SmithDoor

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You find most do not read data or I do read it is internet {if it on internet it must be true or just like old days if on tv it must be true.}

I have shelf of engineering books some dating back 1940's and machinist books dating back to 1920's. This group that I use. If look it is may be right.
Even my brother use the books for his engineering job with L???????? Labs.

Dave
PS: Some of data in old books was not printed in later books.

Geometry: Running forwards, the thrust is down on the slides and front of the saddle, and tending to lift the rear of the saddle. But the lathe makers have designed the slides and saddle to work this way. When you reverse the lathe (with reversed tools) you reverse all the thrusts on the thrust faces so "hang-on" to tapers instead of trusting onto large flat faces. Fundamentally, that is wrong. My design and engineering career tells me "NO"! But I do not have "60 years of toolmaking experience. I would expect (and also respect!) Toolmakers to have well adjusted slides, gib-strips, etc, all well lubricated and not worn, mucky, loose, etc. Not that most modellers are like that, but when I watch utube machining videos I realise that by comparison, I am. I just haven't got 40 hours per week for 60 years at it, more like a couple of hours a month for a dozen years of the 60 since my father and grandfather taught me lathe work..... so I am learning as well as chipping-in with my thoughts.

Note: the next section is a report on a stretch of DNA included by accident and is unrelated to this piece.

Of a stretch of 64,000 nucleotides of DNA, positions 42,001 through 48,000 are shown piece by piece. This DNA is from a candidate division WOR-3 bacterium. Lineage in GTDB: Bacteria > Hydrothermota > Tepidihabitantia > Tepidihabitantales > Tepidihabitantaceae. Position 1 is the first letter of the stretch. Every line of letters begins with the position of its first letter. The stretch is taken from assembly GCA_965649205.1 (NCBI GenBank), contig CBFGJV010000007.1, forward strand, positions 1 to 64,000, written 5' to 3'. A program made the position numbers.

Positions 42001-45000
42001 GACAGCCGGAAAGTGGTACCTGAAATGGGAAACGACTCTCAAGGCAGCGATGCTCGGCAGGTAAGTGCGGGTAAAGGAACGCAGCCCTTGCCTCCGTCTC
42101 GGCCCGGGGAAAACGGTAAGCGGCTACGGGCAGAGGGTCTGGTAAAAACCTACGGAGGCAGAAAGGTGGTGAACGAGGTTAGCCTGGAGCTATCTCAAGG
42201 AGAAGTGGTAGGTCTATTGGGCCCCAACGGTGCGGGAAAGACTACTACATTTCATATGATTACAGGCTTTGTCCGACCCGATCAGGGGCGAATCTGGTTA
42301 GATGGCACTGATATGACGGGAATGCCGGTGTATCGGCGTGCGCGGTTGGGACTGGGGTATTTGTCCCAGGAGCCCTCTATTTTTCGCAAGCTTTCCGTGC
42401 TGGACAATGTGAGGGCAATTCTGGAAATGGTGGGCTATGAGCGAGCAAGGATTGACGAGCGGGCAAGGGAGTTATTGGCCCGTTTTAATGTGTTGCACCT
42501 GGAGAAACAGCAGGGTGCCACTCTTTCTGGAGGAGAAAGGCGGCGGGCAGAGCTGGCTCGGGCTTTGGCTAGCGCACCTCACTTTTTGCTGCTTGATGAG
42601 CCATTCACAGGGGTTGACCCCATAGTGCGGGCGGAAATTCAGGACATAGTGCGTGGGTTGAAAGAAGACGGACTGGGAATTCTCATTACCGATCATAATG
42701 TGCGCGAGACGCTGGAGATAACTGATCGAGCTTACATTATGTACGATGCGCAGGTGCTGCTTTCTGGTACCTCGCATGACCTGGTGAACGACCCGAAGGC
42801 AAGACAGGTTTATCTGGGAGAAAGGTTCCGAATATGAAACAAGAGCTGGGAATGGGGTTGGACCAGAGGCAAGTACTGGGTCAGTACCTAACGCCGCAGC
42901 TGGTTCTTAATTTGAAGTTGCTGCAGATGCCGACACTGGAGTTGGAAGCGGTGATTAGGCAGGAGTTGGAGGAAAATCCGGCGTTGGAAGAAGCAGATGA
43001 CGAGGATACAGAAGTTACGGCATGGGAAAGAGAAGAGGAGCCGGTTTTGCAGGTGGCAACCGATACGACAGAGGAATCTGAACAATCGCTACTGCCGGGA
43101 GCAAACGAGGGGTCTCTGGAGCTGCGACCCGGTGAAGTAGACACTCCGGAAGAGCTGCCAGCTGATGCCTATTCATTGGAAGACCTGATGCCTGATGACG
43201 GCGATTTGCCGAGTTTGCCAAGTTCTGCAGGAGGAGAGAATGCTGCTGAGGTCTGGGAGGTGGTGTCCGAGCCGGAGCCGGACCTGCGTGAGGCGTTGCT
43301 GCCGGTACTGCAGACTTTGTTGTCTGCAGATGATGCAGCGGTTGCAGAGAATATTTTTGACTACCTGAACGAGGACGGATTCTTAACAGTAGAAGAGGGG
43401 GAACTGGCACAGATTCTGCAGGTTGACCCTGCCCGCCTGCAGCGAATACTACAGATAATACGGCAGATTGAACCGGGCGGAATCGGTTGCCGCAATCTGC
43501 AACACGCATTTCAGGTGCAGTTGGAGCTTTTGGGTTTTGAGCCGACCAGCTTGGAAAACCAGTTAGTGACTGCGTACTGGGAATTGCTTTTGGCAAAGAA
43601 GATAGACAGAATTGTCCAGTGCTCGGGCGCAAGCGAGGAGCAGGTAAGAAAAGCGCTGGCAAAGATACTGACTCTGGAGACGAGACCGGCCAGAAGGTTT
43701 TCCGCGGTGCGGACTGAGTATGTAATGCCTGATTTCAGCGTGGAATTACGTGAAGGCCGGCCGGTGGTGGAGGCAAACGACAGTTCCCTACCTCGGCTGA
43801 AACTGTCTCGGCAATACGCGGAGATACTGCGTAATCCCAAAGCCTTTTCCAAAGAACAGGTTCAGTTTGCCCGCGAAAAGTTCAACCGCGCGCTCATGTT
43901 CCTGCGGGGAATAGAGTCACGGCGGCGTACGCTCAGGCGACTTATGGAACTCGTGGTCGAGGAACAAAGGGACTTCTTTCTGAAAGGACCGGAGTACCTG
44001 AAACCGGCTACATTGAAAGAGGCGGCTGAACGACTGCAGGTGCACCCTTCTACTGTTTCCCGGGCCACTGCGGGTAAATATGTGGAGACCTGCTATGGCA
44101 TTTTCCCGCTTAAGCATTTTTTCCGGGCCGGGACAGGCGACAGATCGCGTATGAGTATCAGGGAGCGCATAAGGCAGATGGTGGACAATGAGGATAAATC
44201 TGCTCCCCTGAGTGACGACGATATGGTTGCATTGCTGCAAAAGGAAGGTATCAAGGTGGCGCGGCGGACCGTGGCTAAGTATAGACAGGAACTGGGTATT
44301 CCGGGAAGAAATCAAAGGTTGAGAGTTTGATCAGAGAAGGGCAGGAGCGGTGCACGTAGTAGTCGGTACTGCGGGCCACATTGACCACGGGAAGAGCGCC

But please don't ignore Engineering advice. We are highly trained to solve the problems in our heads before cutting metal. Good luck trying it backwards!
 

TonyM

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I am glad I wrong
What type of work did you do???

I started making parts for electronics projects in 1960's later model planes.
I read how some are doing machining and remember doing that way.
Some many think take backlash out the screw. You remember using some old lathes and mill where backlash was full turn of handle be for movement.

Dave
My potted history.
As a ''Technical apprentice'' in Killingworth we spent a year each in turning, milling, fitting, toolroom or drawing office, college was in three month blocks. I went on to refurbing multi spindle automatics mainly Acme Gridley and Wickman for a company in Ashington. Then moved to the southwest as a maintenance and development fitter for Hattersleys. In the 70's I moved to Avon Rubber as a development engineer later moving onto project and facilities manager. Took early retirement in 2003 and started working for the missus. Got my lathe Warco 240 about three years ago after restoring the basement to give me workshop space.
 

Steamchick

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I appreciate and respect the experience of toolmakers, experienced machinists et al, which is why I read this discussion. But maybe I wasn't clear in my view. To drive a machine contrary to the way the designer intends may work satisfactorily in some cases, particularly those of larger stiffer machines, especially when well maintained and set-up for minimal play, back-lash, etc.